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Re: Odd behavior: same entry/exit node + more

     On Fri, 1 Feb 2008 19:28:34 -0500 Roger Dingledine <arma@xxxxxxx>
>On Fri, Feb 01, 2008 at 06:45:20AM -0800, Thomas Barvo wrote:
>> - A. Same Entry/Exit Node -
>> : Web browsing speed suddenly increases as if Tor wasn't running at
>> all - a quick check reveals an entry node displayed in netstat is also
>> the currently used exit node! When the exit node changes the speed
>> drops back down to what it was before, slow but typical considering
>> the project's purpose and so forth.
>> :: Why does this happen? Should there not be some internal check in
>> place to disallow an entry node from simultaneously becoming an exit
>> node?
>Tor makes sure that no circuit has the same entry and exit node. But one
>circuit could have a given node as its entry node, and another circuit
>could have that same node as its exit node. This shouldn't present much
>danger -- and in fact *not* allowing it would reduce your anonymity
>by further reducing the set of possible nodes you might be picking at
>each point.
>As for the speed increase, I am betting that was coincidence, at least
>until you give more hints. :)

     Can a tor client use its own server side as a middleman?
>> - B. The Same Five Through Ten Exit Nodes Being Used -
>> : I can browse for hours and watch the same IPs used as exit nodes
>> cycle, often with the problem mentioned in A. occurring at random.
>To load balance efficiently, Tor picks its exit nodes proportional to the
>bandwidth they claim to have (with a cap to prevent any single node from
>lying too much). There really aren't that many really fast exit nodes
>right now. I haven't counted them recently; ten seems on the low end,
>but not outrageously low.

     Really?  I thought it picked all nodes proportionally to the actual
bandwidth serviced in the 24 hours prior to the last published descriptor.
     Also, the documentation promotes the use of BandwidthRate and
BandwidthBurst for the purpose of limiting the bandwidth used by the
server.  Those values currently default to 5 and 10 MB/s, respectively.
That means that anyone who does not specify them in the torrc file is
likely to be "lying" by a *lot*.  Are there really so few server that omit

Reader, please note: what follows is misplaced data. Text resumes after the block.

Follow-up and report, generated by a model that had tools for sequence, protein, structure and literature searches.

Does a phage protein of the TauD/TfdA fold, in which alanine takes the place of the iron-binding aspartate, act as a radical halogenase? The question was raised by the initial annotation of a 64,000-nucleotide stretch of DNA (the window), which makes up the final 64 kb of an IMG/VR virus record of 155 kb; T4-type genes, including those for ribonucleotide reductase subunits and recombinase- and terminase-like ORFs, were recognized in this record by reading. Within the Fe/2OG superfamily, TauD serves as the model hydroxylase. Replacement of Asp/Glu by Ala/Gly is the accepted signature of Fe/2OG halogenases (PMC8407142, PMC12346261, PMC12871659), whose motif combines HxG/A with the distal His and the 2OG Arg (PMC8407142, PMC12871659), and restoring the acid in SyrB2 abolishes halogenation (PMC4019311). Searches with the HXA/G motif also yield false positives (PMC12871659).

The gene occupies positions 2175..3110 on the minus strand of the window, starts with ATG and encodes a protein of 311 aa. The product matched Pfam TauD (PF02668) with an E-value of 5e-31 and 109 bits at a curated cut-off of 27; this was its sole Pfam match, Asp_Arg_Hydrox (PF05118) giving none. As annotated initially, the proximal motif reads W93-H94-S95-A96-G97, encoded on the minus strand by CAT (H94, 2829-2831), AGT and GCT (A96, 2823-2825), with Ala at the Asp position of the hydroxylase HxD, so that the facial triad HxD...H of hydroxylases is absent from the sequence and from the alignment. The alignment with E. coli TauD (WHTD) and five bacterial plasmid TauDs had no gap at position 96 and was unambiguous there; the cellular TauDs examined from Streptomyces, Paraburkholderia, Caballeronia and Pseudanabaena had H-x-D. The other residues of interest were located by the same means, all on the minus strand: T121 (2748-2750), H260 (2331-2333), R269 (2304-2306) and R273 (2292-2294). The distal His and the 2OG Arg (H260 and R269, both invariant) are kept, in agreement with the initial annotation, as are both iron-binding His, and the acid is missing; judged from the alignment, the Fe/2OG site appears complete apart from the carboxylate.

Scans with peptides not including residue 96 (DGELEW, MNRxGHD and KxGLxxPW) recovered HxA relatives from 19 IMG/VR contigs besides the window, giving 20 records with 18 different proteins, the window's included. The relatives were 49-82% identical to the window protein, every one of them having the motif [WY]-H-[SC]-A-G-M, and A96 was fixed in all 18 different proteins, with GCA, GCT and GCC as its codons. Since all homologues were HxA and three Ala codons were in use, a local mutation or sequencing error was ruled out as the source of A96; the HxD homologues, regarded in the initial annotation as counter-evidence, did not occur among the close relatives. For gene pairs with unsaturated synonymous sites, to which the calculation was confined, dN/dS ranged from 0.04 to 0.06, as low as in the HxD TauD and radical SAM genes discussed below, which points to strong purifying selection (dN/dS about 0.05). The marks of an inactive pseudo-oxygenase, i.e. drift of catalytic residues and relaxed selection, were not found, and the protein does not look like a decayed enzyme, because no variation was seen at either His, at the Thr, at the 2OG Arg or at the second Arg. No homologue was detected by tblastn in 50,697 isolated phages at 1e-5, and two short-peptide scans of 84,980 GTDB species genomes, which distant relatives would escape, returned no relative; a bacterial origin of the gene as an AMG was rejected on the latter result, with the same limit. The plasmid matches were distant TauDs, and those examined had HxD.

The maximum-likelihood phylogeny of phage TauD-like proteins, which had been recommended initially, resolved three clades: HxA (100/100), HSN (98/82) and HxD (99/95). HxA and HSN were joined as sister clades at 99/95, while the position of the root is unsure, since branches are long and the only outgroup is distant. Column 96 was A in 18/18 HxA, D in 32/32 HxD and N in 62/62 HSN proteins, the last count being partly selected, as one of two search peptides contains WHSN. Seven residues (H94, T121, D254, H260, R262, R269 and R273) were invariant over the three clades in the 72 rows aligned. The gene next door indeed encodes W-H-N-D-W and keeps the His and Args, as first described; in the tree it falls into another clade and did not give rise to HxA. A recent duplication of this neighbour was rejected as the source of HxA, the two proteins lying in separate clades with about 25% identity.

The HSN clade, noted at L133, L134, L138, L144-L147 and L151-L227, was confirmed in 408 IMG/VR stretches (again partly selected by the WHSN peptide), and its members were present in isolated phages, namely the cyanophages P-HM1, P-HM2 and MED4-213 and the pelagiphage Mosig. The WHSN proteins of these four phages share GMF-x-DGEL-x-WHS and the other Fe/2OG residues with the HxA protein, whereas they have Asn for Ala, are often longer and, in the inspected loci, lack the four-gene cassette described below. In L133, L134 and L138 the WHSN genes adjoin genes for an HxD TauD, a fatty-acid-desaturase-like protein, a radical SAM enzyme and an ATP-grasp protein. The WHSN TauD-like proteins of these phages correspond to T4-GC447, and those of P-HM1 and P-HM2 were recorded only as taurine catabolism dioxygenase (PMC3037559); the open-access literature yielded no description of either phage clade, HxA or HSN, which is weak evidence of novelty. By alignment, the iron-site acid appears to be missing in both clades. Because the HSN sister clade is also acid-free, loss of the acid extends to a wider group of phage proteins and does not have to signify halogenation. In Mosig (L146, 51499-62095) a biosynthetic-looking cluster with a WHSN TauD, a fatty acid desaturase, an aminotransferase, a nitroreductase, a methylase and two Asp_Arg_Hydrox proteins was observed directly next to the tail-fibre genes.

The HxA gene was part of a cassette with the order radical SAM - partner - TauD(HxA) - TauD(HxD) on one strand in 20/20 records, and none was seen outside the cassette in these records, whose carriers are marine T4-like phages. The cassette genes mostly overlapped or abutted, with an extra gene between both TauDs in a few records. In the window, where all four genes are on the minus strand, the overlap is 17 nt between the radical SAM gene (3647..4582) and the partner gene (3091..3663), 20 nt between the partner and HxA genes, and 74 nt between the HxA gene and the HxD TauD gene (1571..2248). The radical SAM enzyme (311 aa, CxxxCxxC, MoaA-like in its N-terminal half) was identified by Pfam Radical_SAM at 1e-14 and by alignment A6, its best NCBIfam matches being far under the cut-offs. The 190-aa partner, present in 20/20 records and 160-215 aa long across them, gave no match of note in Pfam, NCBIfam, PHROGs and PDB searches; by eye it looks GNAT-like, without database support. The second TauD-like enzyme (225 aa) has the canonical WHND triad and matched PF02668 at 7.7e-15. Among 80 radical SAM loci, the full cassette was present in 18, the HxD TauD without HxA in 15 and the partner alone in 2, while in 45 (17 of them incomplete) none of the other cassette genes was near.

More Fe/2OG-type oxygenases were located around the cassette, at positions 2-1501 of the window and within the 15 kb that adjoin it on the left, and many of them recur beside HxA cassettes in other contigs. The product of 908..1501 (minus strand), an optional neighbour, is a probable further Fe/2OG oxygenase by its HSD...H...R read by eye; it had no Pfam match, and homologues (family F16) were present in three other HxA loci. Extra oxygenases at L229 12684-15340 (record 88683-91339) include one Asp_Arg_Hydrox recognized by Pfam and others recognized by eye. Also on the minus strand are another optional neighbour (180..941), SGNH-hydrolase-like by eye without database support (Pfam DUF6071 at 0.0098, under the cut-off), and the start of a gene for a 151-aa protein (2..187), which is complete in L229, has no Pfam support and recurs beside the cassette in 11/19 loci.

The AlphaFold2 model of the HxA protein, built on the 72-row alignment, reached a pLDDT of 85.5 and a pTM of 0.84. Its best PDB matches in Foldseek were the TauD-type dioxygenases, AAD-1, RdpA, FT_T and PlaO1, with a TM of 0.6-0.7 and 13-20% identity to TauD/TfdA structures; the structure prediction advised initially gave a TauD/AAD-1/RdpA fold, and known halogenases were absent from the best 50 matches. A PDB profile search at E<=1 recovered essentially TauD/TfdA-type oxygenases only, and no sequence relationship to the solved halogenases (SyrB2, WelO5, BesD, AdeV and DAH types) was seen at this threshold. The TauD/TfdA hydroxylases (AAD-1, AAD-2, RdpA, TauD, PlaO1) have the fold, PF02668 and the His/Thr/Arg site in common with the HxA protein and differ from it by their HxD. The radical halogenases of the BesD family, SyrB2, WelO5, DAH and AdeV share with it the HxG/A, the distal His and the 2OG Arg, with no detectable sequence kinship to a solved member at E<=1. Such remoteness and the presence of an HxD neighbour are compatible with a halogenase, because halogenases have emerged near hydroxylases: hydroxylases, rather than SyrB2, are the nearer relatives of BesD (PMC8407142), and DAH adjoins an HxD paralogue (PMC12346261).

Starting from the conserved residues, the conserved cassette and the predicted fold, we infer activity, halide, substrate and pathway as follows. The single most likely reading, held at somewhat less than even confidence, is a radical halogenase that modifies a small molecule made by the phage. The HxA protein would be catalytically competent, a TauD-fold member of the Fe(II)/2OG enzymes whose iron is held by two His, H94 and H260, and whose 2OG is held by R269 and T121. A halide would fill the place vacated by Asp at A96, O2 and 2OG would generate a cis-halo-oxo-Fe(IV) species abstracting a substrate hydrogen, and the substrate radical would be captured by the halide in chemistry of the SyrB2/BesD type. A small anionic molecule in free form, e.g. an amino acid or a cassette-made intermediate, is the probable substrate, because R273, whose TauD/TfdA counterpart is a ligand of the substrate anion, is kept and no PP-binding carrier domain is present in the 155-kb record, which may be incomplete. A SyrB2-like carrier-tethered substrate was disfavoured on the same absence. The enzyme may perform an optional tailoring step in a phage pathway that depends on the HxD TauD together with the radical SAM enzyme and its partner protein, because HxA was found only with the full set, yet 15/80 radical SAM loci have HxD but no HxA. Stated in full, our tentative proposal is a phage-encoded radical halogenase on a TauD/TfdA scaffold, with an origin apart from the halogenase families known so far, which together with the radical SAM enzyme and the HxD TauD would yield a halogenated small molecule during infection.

those lines from torrc that depending upon those values for load balancing
wouldn't cause a frequent misallocation of routes?  After all, as you
recently pointed out, the number of servers with available bandwidth that
high is still very small.

>See also http://freehaven.net/anonbib/#bauer:wpes2007
>> - C. Entry Nodes Sending Pings Back Or Other Attempts To Access My System -
>> : Why and what for?
>Depends. Do you have any more info?
>My guess is that you're running some Windows program that leaves out all
>the details and tries to make you alarmed at every packet. For example,
>perhaps it's sending ICMP unreachable packets at you, which are being
>interpreted as pings. "Attempts to access my system" sounds like you're
>quoting out of one of these dumb programs.

     Why would ICMP error packets of any kind go back to his machine rather
than to the exit node?
>> - D. Directory Related Errors: We stalled too much while trying to
>> write, etc., type Directory -
>> : Is my directory of nodes being trimmed down somehow by someone or
>> something? Or does this have a meaning of a different sort? I notice
>> this error once or twice every Tor run, at least.
>Are you running a local firewall (hardware or software) that limits what
>outgoing addresses or ports you can reach? Or is your net connection
>flaky or slow?

                                  Scott Bennett, Comm. ASMELG, CFIAG
* Internet:       bennett at cs.niu.edu                              *
* "A well regulated and disciplined militia, is at all times a good  *
* objection to the introduction of that bane of all free governments *
* -- a standing army."                                               *
*    -- Gov. John Hancock, New York Journal, 28 January 1790         *